a. Letting cups of lighter fluid be denoted as and bags of charcoal as , give the simplest possible utility function that captures your tastes.

b. Suppose that your favorite charcoal has just gotten better because the producer has infused the charcoal with half a cup of lighter fluid per bag. How does your answer to (a) change?

ANSWER:   a.

b. or

POINTS:   1
DIFFICULTY:   B-Section Material
QUESTION TYPE:   Subjective Short Answer
HAS VARIABLES:   False
DATE CREATED:   2/11/2015 10:52 PM
DATE MODIFIED:   2/11/2015 10:52 PM

 

 

 

 

True / False

 

1. The burden of a per-unit tax will fall disproportionately on consumers when the supply curve is relatively more elastic than the demand curve.

  a. True
  b. False

 

ANSWER:   True
RATIONALE:   The burden of a tax is always shifted toward the more inelastic side of the market.
POINTS:   1
DIFFICULTY:   A-Section Material
QUESTION TYPE:   True / False
HAS VARIABLES:   False
DATE CREATED:   2/11/2015 10:53 PM
DATE MODIFIED:   2/11/2015 10:53 PM

 

2. To identify the burden of a per-unit tax on consumers, we have to use the aggregate marginal willingness to pay curve whenever the underlying good is not quasilinear.

  a. True
  b. False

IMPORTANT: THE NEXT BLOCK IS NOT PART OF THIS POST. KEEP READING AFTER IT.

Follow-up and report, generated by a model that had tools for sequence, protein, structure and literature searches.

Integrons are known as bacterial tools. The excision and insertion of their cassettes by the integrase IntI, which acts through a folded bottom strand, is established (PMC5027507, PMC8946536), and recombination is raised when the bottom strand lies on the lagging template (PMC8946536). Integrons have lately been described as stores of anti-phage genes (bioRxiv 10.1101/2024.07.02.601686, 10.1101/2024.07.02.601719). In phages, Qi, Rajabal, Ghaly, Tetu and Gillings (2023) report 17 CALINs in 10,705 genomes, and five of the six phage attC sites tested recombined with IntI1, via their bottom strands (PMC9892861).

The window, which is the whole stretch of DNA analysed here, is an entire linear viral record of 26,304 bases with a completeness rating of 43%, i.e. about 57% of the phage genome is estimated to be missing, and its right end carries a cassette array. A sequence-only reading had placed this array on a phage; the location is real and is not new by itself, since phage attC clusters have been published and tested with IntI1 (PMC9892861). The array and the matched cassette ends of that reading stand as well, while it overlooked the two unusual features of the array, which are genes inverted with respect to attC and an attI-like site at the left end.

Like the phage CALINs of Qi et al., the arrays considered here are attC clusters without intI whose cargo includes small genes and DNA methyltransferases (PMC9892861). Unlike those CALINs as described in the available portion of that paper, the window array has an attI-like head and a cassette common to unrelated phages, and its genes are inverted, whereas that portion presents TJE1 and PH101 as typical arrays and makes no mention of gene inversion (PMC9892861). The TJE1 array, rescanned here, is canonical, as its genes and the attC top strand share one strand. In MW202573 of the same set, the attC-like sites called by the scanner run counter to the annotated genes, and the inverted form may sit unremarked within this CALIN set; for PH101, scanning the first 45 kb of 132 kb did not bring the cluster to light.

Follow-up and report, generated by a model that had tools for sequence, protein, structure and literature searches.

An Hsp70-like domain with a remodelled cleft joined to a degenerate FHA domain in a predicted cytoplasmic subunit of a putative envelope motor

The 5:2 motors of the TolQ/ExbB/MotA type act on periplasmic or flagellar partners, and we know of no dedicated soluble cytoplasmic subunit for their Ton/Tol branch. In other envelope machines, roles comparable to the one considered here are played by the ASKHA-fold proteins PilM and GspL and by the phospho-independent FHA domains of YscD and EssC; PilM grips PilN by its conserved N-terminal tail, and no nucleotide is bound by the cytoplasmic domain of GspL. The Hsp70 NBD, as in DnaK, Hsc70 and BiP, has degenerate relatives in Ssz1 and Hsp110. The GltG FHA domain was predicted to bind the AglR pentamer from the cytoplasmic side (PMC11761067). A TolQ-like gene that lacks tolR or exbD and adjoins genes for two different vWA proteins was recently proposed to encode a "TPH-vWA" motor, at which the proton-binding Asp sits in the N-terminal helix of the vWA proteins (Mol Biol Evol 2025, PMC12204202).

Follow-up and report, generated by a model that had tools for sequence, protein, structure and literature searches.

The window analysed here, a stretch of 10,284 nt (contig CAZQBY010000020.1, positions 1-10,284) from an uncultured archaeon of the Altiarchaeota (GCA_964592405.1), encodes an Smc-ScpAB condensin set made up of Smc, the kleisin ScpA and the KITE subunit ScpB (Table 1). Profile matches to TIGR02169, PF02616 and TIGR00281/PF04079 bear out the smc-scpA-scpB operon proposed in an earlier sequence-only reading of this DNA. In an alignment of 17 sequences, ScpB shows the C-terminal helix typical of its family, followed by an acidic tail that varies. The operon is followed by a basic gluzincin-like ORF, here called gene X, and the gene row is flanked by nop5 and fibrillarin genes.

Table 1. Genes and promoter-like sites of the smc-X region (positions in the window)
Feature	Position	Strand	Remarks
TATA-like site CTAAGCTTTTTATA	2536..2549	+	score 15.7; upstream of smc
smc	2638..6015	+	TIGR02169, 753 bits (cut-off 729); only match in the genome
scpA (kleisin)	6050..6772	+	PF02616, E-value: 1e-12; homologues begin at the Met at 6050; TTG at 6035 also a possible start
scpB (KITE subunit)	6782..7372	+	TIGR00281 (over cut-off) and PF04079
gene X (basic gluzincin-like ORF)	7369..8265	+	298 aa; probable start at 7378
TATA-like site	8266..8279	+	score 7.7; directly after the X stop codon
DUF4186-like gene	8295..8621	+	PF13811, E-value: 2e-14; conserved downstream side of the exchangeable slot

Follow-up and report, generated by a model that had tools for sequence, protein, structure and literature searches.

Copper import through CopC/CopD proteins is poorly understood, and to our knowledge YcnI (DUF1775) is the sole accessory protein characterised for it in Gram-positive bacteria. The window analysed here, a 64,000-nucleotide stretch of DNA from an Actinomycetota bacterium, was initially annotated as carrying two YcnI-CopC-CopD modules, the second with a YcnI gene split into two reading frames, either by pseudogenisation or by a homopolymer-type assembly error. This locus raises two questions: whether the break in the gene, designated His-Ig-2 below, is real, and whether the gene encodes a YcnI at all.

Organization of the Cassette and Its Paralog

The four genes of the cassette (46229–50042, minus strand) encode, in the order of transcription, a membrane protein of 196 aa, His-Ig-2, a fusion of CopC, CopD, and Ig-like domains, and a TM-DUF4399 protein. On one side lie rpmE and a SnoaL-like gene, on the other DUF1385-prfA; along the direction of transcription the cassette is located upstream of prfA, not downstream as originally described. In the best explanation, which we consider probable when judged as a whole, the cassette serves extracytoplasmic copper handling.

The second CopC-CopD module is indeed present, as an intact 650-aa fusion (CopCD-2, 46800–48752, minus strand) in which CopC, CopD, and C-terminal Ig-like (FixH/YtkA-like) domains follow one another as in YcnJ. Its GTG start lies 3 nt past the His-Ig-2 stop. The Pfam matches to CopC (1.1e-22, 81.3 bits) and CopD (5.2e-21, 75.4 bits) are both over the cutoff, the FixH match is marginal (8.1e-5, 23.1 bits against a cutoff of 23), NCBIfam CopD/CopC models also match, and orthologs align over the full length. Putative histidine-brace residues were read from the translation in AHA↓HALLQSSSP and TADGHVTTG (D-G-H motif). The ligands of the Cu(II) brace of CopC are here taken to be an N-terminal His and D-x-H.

ANSWER:   False
RATIONALE:   The burden of a tax is determined by actual consumer behavior — which is measured on uncompensated demand curves.
POINTS:   1
DIFFICULTY:   A-Section Material
QUESTION TYPE:   True / False
HAS VARIABLES:   False
DATE CREATED:   2/11/2015 10:53 PM
DATE MODIFIED:   2/11/2015 10:53 PM

 

3. When the leisure demand curve is relatively inelastic, the bulk of the burden of a wage tax falls on workers.

  a. True
  b. False

 

ANSWER:   True
RATIONALE:   Inelastic leisure demand curves translate to inelastic labor supply curves — and the burden of a tax is always disproportionately born by the side of the market that behaves relatively more inelastically.
POINTS:   1
DIFFICULTY:   A-Section Material
QUESTION TYPE:   True / False
HAS VARIABLES:   False
DATE CREATED:   2/11/2015 10:53 PM
DATE MODIFIED:   2/11/2015 10:53 PM

 

4. The more inelastic the supply curve in a goods market, the smaller will be the deadweight loss from a per-unit tax in that market.

  a. True
  b. False

 

ANSWER:   True
RATIONALE:   More inelastic supply curves translate into smaller reductions in market transactions from a per-unit tax — which lowers the deadweight loss.
POINTS:   1
DIFFICULTY:   A-Section Material
QUESTION TYPE:   True / False
HAS VARIABLES:   False
DATE CREATED:   2/11/2015 10:53 PM
DATE MODIFIED:   2/11/2015 10:53 PM

 

5. Regardless of whether goods are inferior or normal, the deadweight loss from a per-unit tax is always greater the more price elastic the market demand curve for a good.

  a. True
  b. False

 

ANSWER:   False
RATIONALE:   Deadweight on the consumer side arise from substitution effects. Consider then two inferior good with the same uncompensated demand curve. But one has a small substitution effect and the other has a large substitution effect, with the income effects leading to the same uncompensated demand. Then the deadweight loss is greater for the latter — implying it is possible to have a good with a more elastic uncompensated demand that gives rise to a smaller deadweight loss.
POINTS:   1